By Kathryn Watson | Watchdog.org, Virginia Bureau
ALEXANDRIA — Increase Medicaid patients to decrease emergency room visits — it’s one of the top arguments made by those advocating expansion in the Old Dominion.
“When patients get sick, they seek care in our emergency rooms, where costs are the most expensive,” wrote Dr. Jennifer Smith, a physician with Bon Secours Richmond Health System in public comments submitted online to Virginia’s Medicaid Innovation and Reform Commission. “With Medicaid expansion, over 300,000 additional Virginians could see a doctor in a timely manner, protecting their own health and avoiding inefficient use of medical resources.”
It’s a common, reoccurring comment that — on its face — makes sense, but it may not be the case. As MIRC decides whether to expand the program by up to 400,000 Virginians, it’s worth evaluating.
A handful of studies published in medical journals contradict the much-cited claim in Virginia that expanding Medicaid will keep state and private insurance costs down by keeping more people out of emergency rooms.
When Oregon drew 30,000 random names from a waiting list and placed them on Medicaid, researchers “did not find significant changes in visits to the emergency department or hospital admissions” after two years, according a study published by the New England Journal of Medicine.
A study published in the Journal of the American Medical Association found that adult Medicaid patients were three times more likely than the uninsured, and seven times more likely than the privately insured, to use an emergency room for conditions that could have been taken care of with primary care.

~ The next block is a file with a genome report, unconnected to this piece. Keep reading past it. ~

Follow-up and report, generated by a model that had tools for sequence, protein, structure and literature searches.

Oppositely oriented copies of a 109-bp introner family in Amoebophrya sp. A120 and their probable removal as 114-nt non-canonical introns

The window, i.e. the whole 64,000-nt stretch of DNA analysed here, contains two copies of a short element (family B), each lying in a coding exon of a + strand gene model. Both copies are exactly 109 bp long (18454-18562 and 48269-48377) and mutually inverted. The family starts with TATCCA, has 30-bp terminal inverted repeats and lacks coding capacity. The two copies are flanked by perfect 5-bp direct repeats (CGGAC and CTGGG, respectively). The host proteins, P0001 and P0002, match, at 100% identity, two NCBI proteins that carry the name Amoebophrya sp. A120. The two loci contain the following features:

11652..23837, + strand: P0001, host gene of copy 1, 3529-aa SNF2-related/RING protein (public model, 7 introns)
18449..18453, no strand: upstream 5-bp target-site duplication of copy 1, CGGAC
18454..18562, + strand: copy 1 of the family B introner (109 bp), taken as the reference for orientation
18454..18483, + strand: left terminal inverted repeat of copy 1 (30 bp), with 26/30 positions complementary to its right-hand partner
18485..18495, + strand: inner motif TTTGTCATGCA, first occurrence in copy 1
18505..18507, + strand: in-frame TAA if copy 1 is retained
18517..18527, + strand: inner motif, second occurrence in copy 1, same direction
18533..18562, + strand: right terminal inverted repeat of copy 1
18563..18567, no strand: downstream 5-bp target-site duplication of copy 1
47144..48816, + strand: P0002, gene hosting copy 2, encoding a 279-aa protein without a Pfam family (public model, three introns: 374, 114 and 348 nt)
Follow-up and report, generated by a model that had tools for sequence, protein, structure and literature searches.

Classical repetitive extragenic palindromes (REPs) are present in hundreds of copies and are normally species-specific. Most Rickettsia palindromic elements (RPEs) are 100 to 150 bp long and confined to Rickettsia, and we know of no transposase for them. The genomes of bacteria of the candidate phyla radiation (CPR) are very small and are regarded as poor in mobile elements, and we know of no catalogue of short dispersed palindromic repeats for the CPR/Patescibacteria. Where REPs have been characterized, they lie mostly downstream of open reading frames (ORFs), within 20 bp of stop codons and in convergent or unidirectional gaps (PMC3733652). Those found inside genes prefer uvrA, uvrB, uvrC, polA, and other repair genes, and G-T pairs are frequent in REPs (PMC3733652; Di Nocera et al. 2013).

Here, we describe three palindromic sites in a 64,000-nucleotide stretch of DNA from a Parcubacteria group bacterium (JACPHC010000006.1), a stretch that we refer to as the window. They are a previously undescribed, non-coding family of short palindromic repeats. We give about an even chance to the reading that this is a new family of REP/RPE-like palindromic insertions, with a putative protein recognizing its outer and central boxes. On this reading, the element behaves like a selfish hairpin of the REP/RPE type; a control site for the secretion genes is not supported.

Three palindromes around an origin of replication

The Annals of Emergency Medicine reported that Medicaid patients are about 1.51 times as likely as privately insured, and 1.42 times as likely as the uninsured, to have at least one emergency room visit a year.
“The data seems to at least show that it’s not going to be some drastic reduction in unnecessary ER use,” Jonathan Ingram, a director of research for the Florida-based Foundation for Government Accountability, told Watchdog.org.
“In fact, (being on Medicaid) actually increases their use of hospital emergency rooms,” Ingram said.
Why? There are a handful of reasons.
Medicaid patients are often sicker than the rest of the population, and sometimes people on Medicaid lack the transportation or education about primary care needed to get them there.
Accessing a primary care doctor is much harder for Medicaid patients, who are often put on back burners by their doctors — if they have one — because Medicaid just doesn’t pay as well as private insurance or even Medicare. Medicaid pays roughly two-thirds what private insurance pays, leading to one in four Virginia doctors no longer accepting new Medicaid patients.
“Medicaid patients tend to visit the ER more, partly because they tend to be in poorer health overall. But they also visit the ER more because they can’t see their primary care provider in a timely fashion or at all,” wrote Dr. Adit Ginde, an MD, MPH, and FACEP at the University of Colorado School of Medicine and senior author of the study published in the Annals of American Medicine.
On top of that, Medicaid patients don’t have to foot the massive ER bills.
“Well Medicaid makes the ER free for people,” said Michael Cannon, director of health policy studies for the Libertarian-leaning Cato Institute. “Nobody spends (other people’s) money as carefully as they do their own.”
So accessibility wins out, he said. Emergency overcrowding isn’t about to go away with Medicaid expansion — in Virginia or anywhere else.
“Why wouldn’t they just go and use the emergency room instead of waiting forever to get into a private doctor?” Cannon said.
— Kathryn Watson is an investigative reporter with Watchdog.org, and can be reached at email@example.com.
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